The Michigan Court of Appeals has allowed the process of recalling Gov. Gretchen Whitmer and Lt. Gov. Garlin Gilchrist for abusing their powers and mishandling the COVID-19 pandemic to move ahead.
The effort to recall them is based on the argument they violated the Michigan Constitution’s separation of powers clause by continuing to issue virus-related orders through the state health department even after the Michigan Supreme Court found last October that Whitmer had abused her emergency powers, the website JustTheNews.com reported Wednesday.
The recall petitions, which Michigan’s Board of State Canvasser have already approved charge Whitmer with having exceeded her authority in combatting the COVID-19 pandemic, including an extension of a promised “15-day pause” of indoor dining out over an additional two months.
“Whitmer’s continued actions which show an ‘It’s OK for me but not for thee’ mentality is not the mentality of an effective leader to bring Success and Growth to Michigan,” recall petitioner Chad Baase said.
The two Democrats have attempted to keep the recall process from moving forward by arguing in court the petitions fail to “adequately describe the authorities cited as reasons for the recall” and because the language used in them is unclear, citing as an example the use of the term “bars” to mean a public space.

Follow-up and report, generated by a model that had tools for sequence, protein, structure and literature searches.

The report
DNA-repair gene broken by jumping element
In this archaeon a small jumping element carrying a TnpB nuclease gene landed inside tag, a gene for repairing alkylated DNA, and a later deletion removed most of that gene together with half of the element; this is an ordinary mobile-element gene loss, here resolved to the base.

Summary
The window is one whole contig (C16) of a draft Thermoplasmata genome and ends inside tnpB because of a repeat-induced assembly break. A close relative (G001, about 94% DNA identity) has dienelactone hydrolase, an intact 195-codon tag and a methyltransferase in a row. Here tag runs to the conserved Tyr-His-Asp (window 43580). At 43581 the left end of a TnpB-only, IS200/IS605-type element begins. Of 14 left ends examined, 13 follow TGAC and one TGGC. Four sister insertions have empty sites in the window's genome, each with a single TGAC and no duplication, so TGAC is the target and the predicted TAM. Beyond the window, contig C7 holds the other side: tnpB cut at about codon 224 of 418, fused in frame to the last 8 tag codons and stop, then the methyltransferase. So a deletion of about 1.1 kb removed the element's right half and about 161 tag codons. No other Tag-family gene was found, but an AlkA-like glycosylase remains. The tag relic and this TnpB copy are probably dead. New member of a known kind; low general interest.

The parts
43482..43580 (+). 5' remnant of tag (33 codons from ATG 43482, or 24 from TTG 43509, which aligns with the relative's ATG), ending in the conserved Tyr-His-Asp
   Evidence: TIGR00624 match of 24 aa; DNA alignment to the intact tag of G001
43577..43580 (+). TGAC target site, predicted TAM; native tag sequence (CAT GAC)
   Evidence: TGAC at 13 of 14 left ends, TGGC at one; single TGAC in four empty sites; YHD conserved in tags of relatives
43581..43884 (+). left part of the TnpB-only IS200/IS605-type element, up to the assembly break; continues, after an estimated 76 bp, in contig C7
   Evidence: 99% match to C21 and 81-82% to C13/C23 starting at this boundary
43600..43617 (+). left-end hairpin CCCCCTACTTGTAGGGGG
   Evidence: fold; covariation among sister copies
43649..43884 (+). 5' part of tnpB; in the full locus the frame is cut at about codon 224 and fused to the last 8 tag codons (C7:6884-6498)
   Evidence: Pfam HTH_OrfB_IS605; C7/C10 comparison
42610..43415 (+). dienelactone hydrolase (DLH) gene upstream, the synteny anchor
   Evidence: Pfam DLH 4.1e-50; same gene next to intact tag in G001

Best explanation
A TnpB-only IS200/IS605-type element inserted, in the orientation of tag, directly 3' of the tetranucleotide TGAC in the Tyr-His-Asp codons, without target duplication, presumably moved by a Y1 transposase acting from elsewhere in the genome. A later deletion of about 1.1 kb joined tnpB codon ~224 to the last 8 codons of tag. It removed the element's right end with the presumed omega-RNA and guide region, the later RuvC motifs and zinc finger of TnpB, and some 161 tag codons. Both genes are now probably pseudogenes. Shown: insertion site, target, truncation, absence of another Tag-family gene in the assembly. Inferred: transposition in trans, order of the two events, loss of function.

The appeals court rejected that argument, “Any person invited to sign the petition would very likely envision a reference to a conventional tavern, where people can purchase and consume alcoholic beverages” while slapping Whitmer down further in the totality of its decision.
“We conclude that although the governor relied on the appearance of a string of nonsensical characters to support her challenge to the clarity of the petition language, the governor’s hasty conclusion about a word-processing irregularity does not arise often enough to compel reading the petition as featuring some gibberish in place of several normal characters that appear the rest of the time,” the court wrote.
The governor, speaking through a spokesman for her 2022 re-election campaign, said Whitmer intended to appeal the ruling in a further effort to block the attempt to recall her as she prepares to mount a bid for a second term.